The city is negotiating a sweetheart deal with horse- carriage owners that would give them recession-proof yellow taxi medallions worth about $1 million each to compensate them for a ban on their business, The Post has learned.
Mayor de Blasio has called the hansom cabs "inhumane," and vowed to replace them in Central Park with a fleet of electric, replica antique cars.
The 68 carriage license owners are hammering out an agreement with the city to make up for their lost livelihood, and giving them taxi medallions is one proposal being discussed, sources said.
That would be a huge payday for the owners, whose carriage licenses are worth a fraction of what a yellow-cab medallion goes for at auction.
A carriage license was recently sold for between $170,000 and $200,000, said Stephen Malone, of the Horse & Carriage Association of New York City.
Yellow-cab medallions went for nearly $1 million at auction this year — and their value has consistently gone up.De Blasio spokesman Wiley Norvell said, "We're considering a range of options that would move the horses off our streets, safeguard the animals and protect the livelihoods of the men and women who provide carriage rides."
The city has had 68 officially licensed horse-drawn carriages since the late 1940s.
Prior to that time, the same medallions were good for both carriages and gas-powered taxis, but then-Mayor Bill O'Dwyer created separate licenses and 68 drivers opted to stick with the horses.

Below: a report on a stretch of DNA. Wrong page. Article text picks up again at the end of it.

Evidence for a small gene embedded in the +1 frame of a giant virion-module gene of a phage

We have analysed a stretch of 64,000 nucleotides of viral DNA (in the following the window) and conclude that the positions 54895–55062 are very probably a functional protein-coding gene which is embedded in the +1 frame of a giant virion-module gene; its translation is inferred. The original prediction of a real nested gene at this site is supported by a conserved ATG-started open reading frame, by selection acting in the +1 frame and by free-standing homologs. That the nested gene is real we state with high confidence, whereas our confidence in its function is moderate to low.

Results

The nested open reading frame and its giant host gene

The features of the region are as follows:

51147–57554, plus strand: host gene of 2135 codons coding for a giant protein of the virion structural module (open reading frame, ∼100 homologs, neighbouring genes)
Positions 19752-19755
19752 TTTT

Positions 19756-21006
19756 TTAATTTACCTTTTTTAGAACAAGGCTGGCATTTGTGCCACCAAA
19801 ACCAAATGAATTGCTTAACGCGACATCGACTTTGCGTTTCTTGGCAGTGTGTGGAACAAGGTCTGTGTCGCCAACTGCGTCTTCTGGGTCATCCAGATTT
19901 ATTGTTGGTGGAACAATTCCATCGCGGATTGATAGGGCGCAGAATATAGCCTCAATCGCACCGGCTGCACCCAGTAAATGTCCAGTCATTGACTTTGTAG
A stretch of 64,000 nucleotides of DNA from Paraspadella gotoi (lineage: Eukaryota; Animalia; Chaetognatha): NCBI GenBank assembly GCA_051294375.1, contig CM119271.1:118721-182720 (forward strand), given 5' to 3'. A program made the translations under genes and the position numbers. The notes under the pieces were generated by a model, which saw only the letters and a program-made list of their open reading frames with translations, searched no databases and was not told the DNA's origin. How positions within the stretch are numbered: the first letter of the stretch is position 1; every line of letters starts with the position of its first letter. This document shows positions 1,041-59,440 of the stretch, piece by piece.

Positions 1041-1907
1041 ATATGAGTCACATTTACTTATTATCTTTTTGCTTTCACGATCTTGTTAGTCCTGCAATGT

The tourist-friendly industry currently generates about $19 million a year.
City law allows carriage owners to transfer or sell their licenses, subject to approval of the commissioner of consumer affairs.
But the licenses rarely trade hands, with most remaining in the families of the original holders.
Asked about the medallion-swap plan, Malone said, "We've been researching that for a while."
But Malone, a second-generation carriage owner and driver, noted that despite the potential windfall, not everyone was on board with the idea — and some might look the proverbial gift horse in the mouth.
"We're in the carriage business to stay in the carriage business," Malone said.
As a city councilman and the public advocate, de Blasio refused to back a ban on carriage horses.
But he was elected last year after beating rival Christine Quinn in the Democratic primary, with TV commercials funded by opponents of the carriage trade.